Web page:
The Defendants contend that no federal rights were abridged and that the Plaintiff "misreads the applicable federal regulations and gives herself a federal right that does not exist." Mem. of Law in Supp. of Def.'s Mot. to Dismiss Compl. at 9. This Court agrees.
To state a claim under Section 1983, a plaintiff must show a violation of a right secured by the Constitution or laws of the United States and must demonstrate that the conduct complained of was committed by a person acting "under color of state law." West v. Atkins, 487 U.S. 42, 48-49, 101 L. Ed. 2d 40, 108 S. Ct. 2250 (1988); Flagg Bros., Inc. v. Brooks, 436 U.S. 149, 155, 56 L. Ed. 2d 185, 98 S. Ct. 1729 (1978); Rojas v. Alexander's Dept. Store, Inc., 924 F.2d 406, 408 (2d Cir. 1990); Hall v. Dworkin, 829 F. Supp. 1403, 1409-10 (N.D.N.Y 1983). "The ultimate issue in determining whether a person is subject to suit under § 1983 . . . is [whether] the alleged infringement of federal rights [is] 'fairly attributable to the State.'" Rendell-Baker v. Kohn, 457 U.S. 830, 838, 73 L. Ed. 2d 418, 102 S. Ct. 2764 (1982) (quoting Lugar v. Edmondson Oil Co., 457 U.S. 922, 937, 73 L. Ed. 2d 482, 102 S. Ct. 2744 (1982)).
The Plaintiff asserts that Friedman, in his official capacity as a Housing Authority employee, deprived her of her federal rights as created by 24 C.F.R. §§ 966.53, 966.55, and 966.56. Specifically, the Plaintiff contends that Friedman, during the grievance meetings, did not provide her with the opportunity to confront and cross-examine Mr. Obolo even though Friedman relied on Mr. Obolo's statements in his decision to uphold the retroactive rent charge. The Plaintiff further asserts that Friedman failed to inform her of her rights as provided by the HUD guidelines and of her right to be represented by counsel.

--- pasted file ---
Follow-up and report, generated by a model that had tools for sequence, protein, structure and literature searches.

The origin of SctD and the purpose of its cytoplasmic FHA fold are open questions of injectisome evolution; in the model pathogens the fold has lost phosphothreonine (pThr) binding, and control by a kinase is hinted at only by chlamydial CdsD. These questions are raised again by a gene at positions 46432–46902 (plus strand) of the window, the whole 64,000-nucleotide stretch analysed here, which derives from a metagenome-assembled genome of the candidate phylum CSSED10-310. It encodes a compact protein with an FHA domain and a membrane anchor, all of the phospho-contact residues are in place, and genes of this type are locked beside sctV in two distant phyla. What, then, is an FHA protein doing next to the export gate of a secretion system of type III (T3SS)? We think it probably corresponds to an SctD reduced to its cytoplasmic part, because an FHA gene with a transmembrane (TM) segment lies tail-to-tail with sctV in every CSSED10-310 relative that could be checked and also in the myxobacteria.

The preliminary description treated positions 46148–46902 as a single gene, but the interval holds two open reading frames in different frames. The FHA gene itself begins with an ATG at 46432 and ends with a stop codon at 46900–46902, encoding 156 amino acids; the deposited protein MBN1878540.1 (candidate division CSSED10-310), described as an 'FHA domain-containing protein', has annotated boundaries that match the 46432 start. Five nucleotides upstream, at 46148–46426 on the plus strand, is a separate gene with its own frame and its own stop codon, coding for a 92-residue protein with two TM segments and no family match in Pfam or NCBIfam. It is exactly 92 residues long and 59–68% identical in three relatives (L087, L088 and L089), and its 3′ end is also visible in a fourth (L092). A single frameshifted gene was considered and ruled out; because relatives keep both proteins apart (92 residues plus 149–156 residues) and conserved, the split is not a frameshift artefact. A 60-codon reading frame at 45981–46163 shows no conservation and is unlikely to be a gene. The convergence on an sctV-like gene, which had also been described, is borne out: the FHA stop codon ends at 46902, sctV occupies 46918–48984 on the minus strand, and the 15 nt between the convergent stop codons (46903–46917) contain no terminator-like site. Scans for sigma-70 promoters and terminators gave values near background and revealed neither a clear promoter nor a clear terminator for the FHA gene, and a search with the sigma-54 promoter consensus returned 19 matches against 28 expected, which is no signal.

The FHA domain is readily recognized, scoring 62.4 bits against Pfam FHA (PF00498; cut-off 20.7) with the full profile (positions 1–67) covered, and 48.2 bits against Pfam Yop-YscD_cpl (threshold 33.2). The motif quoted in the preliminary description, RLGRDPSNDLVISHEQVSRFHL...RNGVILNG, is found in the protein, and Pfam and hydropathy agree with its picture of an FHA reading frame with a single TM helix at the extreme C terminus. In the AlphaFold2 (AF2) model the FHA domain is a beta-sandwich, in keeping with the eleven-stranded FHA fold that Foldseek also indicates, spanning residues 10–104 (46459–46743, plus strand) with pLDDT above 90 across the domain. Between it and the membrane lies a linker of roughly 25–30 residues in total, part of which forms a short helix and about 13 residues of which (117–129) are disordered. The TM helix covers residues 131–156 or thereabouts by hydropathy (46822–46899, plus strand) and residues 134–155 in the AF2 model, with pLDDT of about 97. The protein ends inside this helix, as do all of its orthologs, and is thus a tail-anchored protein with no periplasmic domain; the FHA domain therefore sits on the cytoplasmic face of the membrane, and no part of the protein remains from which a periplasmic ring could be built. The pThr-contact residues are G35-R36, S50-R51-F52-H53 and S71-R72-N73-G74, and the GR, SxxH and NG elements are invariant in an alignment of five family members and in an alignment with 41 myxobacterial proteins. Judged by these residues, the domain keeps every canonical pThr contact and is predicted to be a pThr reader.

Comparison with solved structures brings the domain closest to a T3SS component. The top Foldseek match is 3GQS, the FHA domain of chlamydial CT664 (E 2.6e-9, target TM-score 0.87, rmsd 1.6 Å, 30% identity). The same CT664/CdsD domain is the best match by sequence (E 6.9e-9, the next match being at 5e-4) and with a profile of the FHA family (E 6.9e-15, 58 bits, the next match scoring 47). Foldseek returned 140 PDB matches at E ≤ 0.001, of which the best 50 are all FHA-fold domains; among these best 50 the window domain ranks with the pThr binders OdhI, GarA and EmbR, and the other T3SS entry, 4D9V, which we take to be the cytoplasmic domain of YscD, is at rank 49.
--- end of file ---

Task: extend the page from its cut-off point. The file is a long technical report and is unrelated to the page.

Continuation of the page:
Sections 966.55 to 966.57 detail the procedures governing a grievance hearing. The C.F.R. requires that a grievance hearing be conducted by an impartial person or persons appointed by the Housing Authority other than the person who made or approved the actions under review. 24 C.F.R. § 966.55(b)(1). Among the rights afforded a complainant are 1) the right to examine any Housing Authority document relevant to the hearing; 2) the right to be represented by counsel; 3) the right to a private hearing; 4) the right to present evidence and arguments in support of tenant's complaint and to confront and cross-examine all witnesses upon whose testimony the Housing Authority relies on; and 5) a decision based solely and exclusively upon the facts presented at the hearing. 24 C.F.R. 966.56(b).